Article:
Wednesday, November 4, 2009

Plot Improbabilities

Recently a secular organization asked me to address their annual conference, on how to write effectively. (You can see the link to the video of the presentation – and the handout I provided to the participants -- here. Small enticement: The handout is a kind of resource list/crash course for effective writing and publishing.)

My two latest books are controversial, and that’s why this organization wanted to hear what I had to say about handling touchy subject matter. In addressing others who might want to write on something controversial, I shared with them the most important element of persuasive writing.

It is this: The first task of a persuasive writer is to anticipate, and address, the objections of the reader – before those objections arise in the reader’s mind.

What does that have to do with writing fiction, you may ask?

Everything. Because, more than any other kind of writer, the fiction writer must convince the reader to care about people who don’t actually exist, in predicaments wholly invented by the writer. Now, that’s persuasive writing!

Here’s an exercise to help you do that.

Choose either the plot of your WIP or an extended section of it. Now, imagine three people you know who just won’t put up with illogical or unbelievable plots. (We’re not talking about the writing, just the plot at this point.) Ah, there’s your snotty Aunt Eunice who points out plot holes in Murder She Wrote reruns. And your teenage son who rolls his eyes when something improbable happens at a movie and groans so loudly that you duck down in your theater seat. And don’t forget your spouse who throws across the room any book with too many coincidences.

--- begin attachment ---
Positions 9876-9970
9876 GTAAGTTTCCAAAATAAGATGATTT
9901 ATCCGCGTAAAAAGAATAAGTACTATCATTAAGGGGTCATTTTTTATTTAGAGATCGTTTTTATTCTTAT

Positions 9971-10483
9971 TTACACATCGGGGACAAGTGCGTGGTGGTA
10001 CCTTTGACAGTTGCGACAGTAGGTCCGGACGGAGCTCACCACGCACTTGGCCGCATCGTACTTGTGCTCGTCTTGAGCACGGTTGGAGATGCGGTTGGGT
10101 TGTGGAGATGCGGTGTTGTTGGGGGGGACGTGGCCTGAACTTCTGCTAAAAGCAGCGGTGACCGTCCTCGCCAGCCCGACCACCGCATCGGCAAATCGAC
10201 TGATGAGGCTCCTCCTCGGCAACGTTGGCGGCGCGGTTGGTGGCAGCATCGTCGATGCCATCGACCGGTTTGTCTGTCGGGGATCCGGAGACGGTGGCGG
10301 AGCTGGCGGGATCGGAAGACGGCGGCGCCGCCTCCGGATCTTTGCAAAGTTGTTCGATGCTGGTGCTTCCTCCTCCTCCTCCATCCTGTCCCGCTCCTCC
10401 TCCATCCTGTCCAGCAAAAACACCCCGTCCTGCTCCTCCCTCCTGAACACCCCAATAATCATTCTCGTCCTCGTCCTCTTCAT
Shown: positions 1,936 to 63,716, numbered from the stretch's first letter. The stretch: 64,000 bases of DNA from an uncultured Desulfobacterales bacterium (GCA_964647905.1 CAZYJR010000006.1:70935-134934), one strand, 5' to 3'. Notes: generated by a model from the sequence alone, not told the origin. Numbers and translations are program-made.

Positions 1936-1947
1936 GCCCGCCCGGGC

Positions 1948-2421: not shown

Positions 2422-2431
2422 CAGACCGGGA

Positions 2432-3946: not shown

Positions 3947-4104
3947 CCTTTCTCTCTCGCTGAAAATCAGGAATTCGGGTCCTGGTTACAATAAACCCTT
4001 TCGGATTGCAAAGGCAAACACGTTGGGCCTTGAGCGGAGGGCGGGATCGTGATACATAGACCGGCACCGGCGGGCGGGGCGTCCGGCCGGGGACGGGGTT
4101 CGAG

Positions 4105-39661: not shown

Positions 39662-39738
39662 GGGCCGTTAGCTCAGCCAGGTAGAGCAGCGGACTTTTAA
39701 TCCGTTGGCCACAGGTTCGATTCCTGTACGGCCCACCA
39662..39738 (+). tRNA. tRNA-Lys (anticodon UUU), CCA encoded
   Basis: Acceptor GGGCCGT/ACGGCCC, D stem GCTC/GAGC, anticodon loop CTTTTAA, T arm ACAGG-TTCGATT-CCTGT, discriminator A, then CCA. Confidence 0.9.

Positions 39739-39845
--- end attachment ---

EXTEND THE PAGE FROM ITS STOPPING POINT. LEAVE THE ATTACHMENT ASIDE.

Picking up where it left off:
Imagine them at their worst. Allow them to morph into avatars. Let them hold court on the plot of your novel. Let them be ruthless. Reason out what they would object to.

Then fix it. Every plot hole, improbable coincidence, silly sequence, gratuitous artifice.

Then ship those three avatar plot critics off to a Siberian prison that swirls in the middle of a perpetual ice storm forever, because they have nothing more to say.

Then take lung-deep, ah!-bright-wings breaths.

And write.

Lavishly, recklessly, write.


Kristen Torres-Toro said...

"Then ship those three avatar plot critics off to a Siberian prison that swirls in the middle of a perpetual ice storm forever, because they have nothing more to say."

That's the part I keep forgetting! Thanks for the permission to tell these mental tormenters to shut up. My polite southern upbringing has never allowed me to do that before--even to the scoffers in my head! I'm ready to recklessly write.

Steve G said...

As a pastor I have to envision them sitting in front of me every Sunday... and regardless of how often I ship them off, they keep coming back week after week... that may be a good thing!

I like what you ended with:

"And write.
Lavishly, recklessly, write."

That's how I want to live life, or love:

And love.
Lavishly, recklessly, love.

Debbie Fuller Thomas said...

Thanks for the great advice! It's so much easier to deal with avatars. (They can't write bad reviews!)

Judy Gann said...

Great post, Latayne! I have what could be too much of a coincidence in my WIP. Are there questions I should ask myself or things to consider or keep in mind as I write the novel to keep this major plot point (that novelists who've crititiqued my work encourage me to keep) from becoming too coincidental? I realize it may be hard for you to give me a general answer without knowing specifics.